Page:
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www.blacksheepgathering.org

You won’t see many white sheep at this weekend’s  Black Sheep Gathering at the Lane County Fairgrounds. The show was founded 41 years ago to preserve the genetics of black, brown and grey animals.

The event began in the mid-1970s with gatherings held at people’s homes. It’s grown every year and this year will take over the convention space as well as the expo barns at the fairgrounds. Wayne Thompson has been involved for 35 years:

Jes Burns / Earthfix

Drought is creating problems in river systems all around the Northwest. Nowhere is this more evident than on the Klamath River in Southern Oregon and Northern California.

Scientists there say there’s not enough cool water flowing, and a fish kill of young Chinook [shin-’nook] salmon is likely.

Releasing more water from upstream reservoirs could help the fish stay healthy.
 

Eugene voters could see a property tax levy on the November ballot to help fund library services. The City Council discussed several options at its Wednesday work session. The previous library levy was allowed to expire four years ago. The Sheldon, Bethel and downtown branches now receive about 10-million dollars a year from the city's general fund. But the needs of other departments, as well as increased benefits and payroll costs have led to cuts in library hours.

The John G. Shedd Institute for the Arts launches its 2015 theatricals season with the classic musical, How to Succeed in Business without Really Trying, a satire of 1950s corporate America. Director Peg Major speaks with KLCC’s Eric Alan, in an interview that includes music from the 2011 cast recording with Daniel Radcliffe. The play runs June 19th through 28th in the Jaqua Concert Hall in Eugene.

Oregon State Parks

Planners are gathering information about trails at Honeyman State Park in Florence. There's a public meeting Thursday evening.

Dan Ayres / Washington Dept. of Fish & Wildlife

The west coast is seeing the largest bloom of toxic algae in more than a decade. It's led to the closure of some commercial crab and shellfisheries in Oregon, Washington and California.
 

Wildlife managers spotted a sea lion in Longview, Washington that was arching its back, and then having seizures. They had to euthanize it.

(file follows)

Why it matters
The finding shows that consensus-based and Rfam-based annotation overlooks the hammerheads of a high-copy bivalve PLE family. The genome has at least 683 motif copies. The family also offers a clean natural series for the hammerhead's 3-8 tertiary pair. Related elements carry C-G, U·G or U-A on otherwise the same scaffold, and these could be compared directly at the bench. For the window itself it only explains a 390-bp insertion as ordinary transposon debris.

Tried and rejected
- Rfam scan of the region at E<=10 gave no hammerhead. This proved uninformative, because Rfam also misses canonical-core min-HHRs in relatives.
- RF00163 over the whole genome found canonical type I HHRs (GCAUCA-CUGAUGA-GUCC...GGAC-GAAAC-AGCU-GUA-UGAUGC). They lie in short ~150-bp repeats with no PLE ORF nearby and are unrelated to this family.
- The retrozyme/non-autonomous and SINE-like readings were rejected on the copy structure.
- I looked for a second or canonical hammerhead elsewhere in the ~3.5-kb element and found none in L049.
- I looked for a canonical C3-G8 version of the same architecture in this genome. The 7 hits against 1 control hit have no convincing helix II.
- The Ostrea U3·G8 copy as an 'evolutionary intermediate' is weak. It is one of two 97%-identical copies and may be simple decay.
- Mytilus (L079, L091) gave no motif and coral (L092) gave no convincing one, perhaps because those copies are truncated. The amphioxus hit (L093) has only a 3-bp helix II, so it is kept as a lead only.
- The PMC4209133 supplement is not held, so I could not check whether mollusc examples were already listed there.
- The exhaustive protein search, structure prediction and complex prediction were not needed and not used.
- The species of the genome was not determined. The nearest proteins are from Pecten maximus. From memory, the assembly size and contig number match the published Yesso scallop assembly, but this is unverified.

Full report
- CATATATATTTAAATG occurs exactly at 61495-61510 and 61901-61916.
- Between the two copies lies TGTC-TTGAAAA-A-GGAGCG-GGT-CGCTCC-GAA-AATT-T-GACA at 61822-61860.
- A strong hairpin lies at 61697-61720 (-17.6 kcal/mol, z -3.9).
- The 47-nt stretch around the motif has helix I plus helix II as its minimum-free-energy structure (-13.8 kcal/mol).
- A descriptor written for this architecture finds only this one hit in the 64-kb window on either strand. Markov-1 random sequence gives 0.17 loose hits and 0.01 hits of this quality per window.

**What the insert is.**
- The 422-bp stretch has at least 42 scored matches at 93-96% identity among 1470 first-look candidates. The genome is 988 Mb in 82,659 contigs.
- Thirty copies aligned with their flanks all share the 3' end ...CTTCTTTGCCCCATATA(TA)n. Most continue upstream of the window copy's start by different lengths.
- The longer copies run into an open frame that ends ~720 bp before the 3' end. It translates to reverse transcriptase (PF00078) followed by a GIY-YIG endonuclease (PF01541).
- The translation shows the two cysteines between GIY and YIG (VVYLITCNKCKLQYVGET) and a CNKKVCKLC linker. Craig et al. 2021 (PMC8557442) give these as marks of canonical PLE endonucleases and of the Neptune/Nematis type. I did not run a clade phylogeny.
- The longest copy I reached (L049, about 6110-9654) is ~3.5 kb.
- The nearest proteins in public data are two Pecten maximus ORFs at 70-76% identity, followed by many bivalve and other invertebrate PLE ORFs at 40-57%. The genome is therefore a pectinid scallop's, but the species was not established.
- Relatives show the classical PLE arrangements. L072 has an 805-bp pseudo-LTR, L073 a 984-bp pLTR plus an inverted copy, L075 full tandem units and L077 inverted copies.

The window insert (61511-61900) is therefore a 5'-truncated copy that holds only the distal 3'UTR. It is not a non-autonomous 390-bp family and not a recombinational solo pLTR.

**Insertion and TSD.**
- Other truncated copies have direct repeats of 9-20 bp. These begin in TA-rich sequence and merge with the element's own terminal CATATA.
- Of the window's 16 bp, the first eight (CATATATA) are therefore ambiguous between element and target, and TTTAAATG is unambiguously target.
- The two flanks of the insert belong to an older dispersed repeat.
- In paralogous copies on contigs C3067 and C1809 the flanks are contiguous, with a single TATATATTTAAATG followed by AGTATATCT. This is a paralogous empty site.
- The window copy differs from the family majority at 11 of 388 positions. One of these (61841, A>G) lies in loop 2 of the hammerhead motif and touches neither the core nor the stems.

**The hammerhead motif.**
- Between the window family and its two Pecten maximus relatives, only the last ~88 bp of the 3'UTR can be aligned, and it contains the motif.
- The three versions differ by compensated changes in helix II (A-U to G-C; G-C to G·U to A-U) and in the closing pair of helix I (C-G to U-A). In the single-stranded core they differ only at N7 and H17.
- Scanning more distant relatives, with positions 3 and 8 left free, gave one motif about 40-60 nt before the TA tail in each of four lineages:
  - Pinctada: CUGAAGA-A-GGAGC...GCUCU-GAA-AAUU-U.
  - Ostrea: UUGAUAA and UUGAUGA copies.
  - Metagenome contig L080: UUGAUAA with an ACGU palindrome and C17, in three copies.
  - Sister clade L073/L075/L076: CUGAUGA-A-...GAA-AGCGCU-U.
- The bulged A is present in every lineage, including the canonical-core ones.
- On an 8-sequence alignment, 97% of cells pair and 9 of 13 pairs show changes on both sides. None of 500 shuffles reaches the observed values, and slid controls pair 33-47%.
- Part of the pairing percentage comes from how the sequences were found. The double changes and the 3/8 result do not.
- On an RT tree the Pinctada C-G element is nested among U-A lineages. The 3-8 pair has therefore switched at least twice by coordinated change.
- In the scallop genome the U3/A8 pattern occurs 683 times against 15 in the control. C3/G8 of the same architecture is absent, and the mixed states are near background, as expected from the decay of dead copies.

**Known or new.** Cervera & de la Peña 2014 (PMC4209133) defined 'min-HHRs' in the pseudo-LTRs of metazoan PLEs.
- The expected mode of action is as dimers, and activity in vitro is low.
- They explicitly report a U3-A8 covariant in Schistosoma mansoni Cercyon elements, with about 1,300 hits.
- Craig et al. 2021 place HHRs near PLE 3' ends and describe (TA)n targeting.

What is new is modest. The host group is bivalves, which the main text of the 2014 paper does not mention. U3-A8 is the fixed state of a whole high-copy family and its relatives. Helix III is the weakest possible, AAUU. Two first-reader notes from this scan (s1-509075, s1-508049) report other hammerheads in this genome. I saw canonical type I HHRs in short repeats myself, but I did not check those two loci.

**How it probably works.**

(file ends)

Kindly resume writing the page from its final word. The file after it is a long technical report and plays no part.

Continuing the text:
The cause?

Pseudo-nitzchia. It’s a type of algae that releases a neurotoxin. If people eat shellfish or crabs contaminated with it, they can also suffer seizures, short term memory loss and even death.

Rowan Moore Gerety / Northwest Public Radio

At high-end grocers in Paris or Tokyo, wild mushrooms flown in from the Northwest can fetch upwards of $100 a pound. That supply chain invariably begins on a dirty folding table on the side of a backwoods highway. In this second of two reports on the morel mushroom economy, Rowan Moore Gerety takes us to a buying station in the mountain town of Twisp.

Rachael McDonald

Construction is underway for a new rapid transit bus route in West Eugene. The EmX expansion will be funded with $75-million in federal money. A group that opposes the project is still hoping to halt it.

This spring, the sound of roadwork has been audible on Eugene's downtown streets.

Here on the corner of 6th and Charnelton, workers are pouring concrete on a driveway apron.

It's summertime and KLCC needs your help to finish the budget year STRONG!  Your June contribution ensures the resources to bring you NPR news, compelling stories, and enlightened entertainment throughout the coming year.

The police chief of Junction City is suing the municipality and the former City Administrator. Junction City Police Chief Mark Chase says his First Amendments rights were violated. In his complaint, he asserts he was denied due process when then-City Administrator, Melissa Bowers, discriminated against him based on his Christian faith.

Portland attorney Sean Riddell represents the Police Chief.

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